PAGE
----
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The South Never Plays Itself - a history of the Deep South on screen

Cameras on display at Movie World in Oberhausen, Germany
Mahdi Abdulrazak

Since The Birth of a Nation became the first Hollywood blockbuster in 1915, movies have struggled to reckon with the American South—as both a place and an idea, a reality and a romance, a lived experience, and a bitter legacy. Nearly every major American filmmaker, actor, and screenwriter has worked on a film about the South, from Gone with the Wind to 12 Years a Slave, from Deliverance to Forrest Gump. In The South Never Plays Itself: A Film Buff’s Journey Through the South on Screen (2023, UGA Press), author and film critic B. W. Beard explores the history of the Deep South on screen, beginning with silent cinema and ending in the streaming era.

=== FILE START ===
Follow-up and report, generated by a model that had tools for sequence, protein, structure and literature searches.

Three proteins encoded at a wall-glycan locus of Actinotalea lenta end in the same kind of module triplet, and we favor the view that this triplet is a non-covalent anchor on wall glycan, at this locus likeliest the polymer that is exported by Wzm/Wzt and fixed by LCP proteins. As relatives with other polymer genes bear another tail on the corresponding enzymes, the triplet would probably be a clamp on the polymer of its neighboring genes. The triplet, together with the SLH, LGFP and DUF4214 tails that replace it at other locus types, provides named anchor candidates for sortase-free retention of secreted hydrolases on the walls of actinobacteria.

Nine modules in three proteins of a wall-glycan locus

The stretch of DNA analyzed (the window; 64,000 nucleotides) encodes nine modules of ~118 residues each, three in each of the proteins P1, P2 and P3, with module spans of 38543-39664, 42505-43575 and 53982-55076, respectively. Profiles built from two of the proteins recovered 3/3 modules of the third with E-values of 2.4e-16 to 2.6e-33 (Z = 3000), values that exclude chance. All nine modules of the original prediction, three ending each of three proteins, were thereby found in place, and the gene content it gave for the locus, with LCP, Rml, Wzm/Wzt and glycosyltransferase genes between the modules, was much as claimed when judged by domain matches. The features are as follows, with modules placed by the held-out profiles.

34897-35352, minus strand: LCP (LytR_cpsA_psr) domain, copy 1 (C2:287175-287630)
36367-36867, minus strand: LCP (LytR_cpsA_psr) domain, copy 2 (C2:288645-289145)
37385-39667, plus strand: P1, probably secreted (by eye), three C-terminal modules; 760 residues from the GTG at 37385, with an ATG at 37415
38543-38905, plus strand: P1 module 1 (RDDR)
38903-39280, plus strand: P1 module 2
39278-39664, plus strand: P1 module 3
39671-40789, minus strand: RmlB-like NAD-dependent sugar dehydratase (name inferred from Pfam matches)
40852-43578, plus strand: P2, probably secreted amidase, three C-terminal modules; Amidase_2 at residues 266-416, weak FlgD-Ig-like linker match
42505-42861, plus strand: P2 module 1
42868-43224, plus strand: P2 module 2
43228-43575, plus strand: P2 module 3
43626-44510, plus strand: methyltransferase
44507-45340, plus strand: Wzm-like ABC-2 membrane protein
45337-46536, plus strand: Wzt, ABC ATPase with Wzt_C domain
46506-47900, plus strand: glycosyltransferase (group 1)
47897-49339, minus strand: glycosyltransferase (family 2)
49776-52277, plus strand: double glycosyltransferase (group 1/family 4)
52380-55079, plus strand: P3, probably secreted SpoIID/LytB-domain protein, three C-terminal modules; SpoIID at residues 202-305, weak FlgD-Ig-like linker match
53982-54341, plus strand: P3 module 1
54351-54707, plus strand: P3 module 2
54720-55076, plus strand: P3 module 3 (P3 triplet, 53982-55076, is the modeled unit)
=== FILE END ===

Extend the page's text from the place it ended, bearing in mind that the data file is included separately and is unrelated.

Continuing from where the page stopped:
Beard talks with Walter Edgar about what the movies got right, and what stereotypes they created or perpetuate.

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Dr. Walter Edgar has two programs on South Carolina Public Radio: Walter Edgar's Journal, and South Carolina from A to Z. Dr. Edgar received his B.A. degree from Davidson College in 1965 and his Ph.D. from the University of South Carolina in 1969. After two years in the army (including a tour of duty in Vietnam), he returned to USC as a post-doctoral fellow of the National Archives, assigned to the Papers of Henry Laurens.